People need a clear code of work ethics and professional behavior, with clear consequences for different degrees of transgression.  I think that our Colorado legislature will be encoding that this next session.

          • DENependent says:

            It is not surprising, but it is disappointing that you and other progressives defend Franken the same way Republicans defend theirs.

            The allegations were not all more than a decade old. Several women including Democratic staffer Tina Dupuy accused him of continuing to grope even after he was elected to the senate.

            Al Franken at least had the decency to do the right thing and resign and his behavior is not as bad as that of many other politicians. That does not mean he should have got a pass for it. Just because someone else has done wrong and gotten away with it does not mean that everyone else gets a "get out of jail free" card.

  6. mamajama55 says:

    Paul Ryan to retire in January 2019 – any bets on which reps will want that minority leader spot?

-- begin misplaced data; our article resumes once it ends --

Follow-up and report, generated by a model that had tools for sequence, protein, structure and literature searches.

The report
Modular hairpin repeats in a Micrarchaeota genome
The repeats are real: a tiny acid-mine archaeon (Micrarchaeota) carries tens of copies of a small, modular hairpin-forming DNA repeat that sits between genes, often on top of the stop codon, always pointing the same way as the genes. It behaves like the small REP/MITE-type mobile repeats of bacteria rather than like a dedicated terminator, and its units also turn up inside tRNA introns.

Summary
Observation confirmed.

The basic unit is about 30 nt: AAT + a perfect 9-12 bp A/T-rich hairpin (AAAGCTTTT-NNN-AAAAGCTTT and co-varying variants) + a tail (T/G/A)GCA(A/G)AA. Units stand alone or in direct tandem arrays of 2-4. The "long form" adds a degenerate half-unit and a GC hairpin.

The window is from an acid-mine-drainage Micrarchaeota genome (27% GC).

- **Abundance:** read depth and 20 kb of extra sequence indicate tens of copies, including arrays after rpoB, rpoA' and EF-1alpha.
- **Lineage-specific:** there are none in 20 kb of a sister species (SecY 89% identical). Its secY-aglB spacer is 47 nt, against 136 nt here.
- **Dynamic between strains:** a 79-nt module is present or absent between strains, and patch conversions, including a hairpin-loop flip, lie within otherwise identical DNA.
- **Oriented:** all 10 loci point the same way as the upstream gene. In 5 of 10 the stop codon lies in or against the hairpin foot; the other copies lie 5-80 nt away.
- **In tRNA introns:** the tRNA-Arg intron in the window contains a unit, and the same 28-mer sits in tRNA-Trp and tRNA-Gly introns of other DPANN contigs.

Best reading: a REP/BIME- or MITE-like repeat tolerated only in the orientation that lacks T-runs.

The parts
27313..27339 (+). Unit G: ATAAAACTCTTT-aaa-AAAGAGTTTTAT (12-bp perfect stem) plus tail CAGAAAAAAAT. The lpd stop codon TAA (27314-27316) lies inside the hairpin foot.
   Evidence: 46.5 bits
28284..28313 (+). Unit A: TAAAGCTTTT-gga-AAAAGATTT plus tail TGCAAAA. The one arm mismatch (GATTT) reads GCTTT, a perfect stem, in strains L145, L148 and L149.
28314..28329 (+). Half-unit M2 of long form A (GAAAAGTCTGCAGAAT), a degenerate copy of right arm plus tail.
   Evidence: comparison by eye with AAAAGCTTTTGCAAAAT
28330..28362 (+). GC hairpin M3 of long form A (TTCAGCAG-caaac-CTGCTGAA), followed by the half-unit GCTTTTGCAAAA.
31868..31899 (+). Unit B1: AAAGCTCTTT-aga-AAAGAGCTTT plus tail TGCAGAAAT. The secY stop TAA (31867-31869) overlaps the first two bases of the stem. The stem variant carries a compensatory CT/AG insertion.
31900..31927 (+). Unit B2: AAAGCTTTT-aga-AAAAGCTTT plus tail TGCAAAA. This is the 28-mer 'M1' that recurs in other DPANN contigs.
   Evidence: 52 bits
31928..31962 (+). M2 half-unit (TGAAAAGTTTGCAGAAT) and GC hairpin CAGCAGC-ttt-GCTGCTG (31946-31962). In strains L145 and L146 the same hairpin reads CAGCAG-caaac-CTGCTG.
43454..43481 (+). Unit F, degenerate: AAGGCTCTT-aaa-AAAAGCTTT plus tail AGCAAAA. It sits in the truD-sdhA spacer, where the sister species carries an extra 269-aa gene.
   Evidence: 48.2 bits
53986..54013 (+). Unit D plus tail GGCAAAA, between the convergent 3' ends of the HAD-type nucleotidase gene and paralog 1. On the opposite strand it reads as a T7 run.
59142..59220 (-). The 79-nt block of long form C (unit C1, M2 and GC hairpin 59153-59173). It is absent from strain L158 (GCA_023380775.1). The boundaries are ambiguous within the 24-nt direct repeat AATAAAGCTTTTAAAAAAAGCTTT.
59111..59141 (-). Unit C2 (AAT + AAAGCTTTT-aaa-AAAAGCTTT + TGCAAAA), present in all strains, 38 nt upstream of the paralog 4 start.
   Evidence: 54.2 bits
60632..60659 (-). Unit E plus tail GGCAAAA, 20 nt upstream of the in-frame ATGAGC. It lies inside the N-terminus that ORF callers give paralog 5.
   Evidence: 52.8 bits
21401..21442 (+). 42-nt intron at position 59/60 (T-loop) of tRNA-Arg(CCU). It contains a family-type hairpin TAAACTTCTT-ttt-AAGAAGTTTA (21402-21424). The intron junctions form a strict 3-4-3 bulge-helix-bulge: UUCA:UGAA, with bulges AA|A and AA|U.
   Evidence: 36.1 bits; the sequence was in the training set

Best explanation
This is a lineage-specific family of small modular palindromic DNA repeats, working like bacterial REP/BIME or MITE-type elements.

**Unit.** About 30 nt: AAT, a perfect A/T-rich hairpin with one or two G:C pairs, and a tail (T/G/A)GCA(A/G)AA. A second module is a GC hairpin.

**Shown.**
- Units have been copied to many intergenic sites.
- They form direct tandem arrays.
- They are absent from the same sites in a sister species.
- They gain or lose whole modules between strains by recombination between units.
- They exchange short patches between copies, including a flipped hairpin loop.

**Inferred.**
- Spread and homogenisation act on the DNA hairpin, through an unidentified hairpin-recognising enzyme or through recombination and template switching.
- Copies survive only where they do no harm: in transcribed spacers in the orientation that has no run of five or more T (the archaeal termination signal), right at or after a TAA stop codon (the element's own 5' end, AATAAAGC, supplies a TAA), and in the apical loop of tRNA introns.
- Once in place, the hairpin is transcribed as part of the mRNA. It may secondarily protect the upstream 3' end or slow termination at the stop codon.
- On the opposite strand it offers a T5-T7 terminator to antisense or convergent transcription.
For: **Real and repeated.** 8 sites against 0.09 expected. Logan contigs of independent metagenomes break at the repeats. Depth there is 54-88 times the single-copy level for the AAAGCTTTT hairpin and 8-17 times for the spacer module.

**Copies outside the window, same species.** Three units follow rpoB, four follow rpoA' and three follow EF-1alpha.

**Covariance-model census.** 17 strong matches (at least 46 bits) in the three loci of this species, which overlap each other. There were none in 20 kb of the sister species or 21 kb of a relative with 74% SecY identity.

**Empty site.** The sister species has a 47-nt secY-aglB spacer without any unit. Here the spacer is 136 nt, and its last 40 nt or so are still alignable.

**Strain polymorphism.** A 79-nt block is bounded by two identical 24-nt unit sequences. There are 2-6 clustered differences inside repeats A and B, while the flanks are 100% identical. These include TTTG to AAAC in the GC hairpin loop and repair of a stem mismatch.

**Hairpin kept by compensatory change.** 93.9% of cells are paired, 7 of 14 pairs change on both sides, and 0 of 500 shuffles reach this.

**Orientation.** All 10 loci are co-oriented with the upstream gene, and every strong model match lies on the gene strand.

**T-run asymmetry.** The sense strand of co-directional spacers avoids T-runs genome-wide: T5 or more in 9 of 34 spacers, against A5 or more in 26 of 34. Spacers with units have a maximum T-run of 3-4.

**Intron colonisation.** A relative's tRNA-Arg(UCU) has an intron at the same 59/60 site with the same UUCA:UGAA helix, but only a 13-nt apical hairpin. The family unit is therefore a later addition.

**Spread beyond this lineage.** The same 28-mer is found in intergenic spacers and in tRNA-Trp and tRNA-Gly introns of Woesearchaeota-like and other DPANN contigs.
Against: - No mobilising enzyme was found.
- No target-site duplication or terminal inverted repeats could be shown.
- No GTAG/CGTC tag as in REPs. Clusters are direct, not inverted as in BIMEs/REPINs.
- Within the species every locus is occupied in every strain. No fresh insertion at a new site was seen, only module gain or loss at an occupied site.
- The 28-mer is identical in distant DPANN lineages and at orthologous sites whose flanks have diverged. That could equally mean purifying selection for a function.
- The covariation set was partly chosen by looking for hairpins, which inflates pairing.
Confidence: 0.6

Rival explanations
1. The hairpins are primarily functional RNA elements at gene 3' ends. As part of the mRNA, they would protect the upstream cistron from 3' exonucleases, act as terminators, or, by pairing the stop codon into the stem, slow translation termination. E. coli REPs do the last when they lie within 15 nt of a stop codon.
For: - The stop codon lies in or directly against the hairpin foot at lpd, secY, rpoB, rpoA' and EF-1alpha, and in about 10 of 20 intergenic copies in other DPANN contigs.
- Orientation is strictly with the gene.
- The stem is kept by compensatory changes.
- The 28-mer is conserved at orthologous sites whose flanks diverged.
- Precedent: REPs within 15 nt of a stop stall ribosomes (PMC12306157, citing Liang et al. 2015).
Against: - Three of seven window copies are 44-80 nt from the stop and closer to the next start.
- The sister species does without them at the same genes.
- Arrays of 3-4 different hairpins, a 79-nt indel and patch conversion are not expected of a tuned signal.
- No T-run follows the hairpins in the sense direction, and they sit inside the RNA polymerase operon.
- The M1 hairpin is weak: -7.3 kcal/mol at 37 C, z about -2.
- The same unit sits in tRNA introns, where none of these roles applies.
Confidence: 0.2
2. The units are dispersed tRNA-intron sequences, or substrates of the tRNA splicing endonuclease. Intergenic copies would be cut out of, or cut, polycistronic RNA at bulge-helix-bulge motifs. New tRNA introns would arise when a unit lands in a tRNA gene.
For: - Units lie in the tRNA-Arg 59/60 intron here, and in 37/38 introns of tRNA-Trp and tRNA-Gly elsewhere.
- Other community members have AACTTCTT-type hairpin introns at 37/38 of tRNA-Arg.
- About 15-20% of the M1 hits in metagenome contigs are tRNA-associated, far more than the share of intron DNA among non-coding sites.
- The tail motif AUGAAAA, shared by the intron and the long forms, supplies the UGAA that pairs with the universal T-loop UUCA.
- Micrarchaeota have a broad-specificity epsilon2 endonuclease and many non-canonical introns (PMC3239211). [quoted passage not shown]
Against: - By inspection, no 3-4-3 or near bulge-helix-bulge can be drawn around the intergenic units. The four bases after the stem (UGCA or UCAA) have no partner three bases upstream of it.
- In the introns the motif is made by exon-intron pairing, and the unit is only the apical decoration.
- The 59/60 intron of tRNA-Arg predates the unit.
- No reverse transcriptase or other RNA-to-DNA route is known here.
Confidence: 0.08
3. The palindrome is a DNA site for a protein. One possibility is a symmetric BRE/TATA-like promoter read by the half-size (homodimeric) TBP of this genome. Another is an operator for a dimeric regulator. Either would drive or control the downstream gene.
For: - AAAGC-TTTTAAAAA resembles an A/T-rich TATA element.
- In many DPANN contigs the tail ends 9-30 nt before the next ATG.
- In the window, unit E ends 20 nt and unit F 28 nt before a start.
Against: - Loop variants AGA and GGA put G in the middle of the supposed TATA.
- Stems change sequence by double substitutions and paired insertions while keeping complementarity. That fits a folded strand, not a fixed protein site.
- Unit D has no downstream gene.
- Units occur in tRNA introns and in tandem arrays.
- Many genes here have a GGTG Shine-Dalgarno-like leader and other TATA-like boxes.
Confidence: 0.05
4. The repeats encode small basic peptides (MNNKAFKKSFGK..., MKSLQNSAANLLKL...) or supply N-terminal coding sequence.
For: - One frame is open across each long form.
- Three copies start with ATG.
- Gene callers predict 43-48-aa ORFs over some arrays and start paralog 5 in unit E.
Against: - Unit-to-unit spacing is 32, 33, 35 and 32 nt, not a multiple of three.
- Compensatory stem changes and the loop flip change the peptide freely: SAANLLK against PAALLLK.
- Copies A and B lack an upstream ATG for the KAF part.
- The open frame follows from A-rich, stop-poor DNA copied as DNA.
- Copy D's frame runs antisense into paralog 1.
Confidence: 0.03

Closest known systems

How about a “Help Wanted” ad for the House speakership, Polsters?

    Our Cowardly Lyin’ would like to have McConnell’s Majority Leader spot, I’m betting. That’s one way that his recent slavish loyalty makes sense.

    The Chicago Tribune’s Jennifer Rubin has a fitting epitaph for Ryan’s speakership:

    He [Ryan] made his Faustian bargain with Trump on the false assumption that Trump would be compliant, take direction from House Republicans and demonstrate enough discipline to get through a slew of initiatives. That did not come to pass, because Ryan, in making his disastrous decision to place party over country and corporate tax cuts over defense of democratic values, failed to comprehend the depth of Trump’s unfitness and the centrality of character in determining a president’s success.,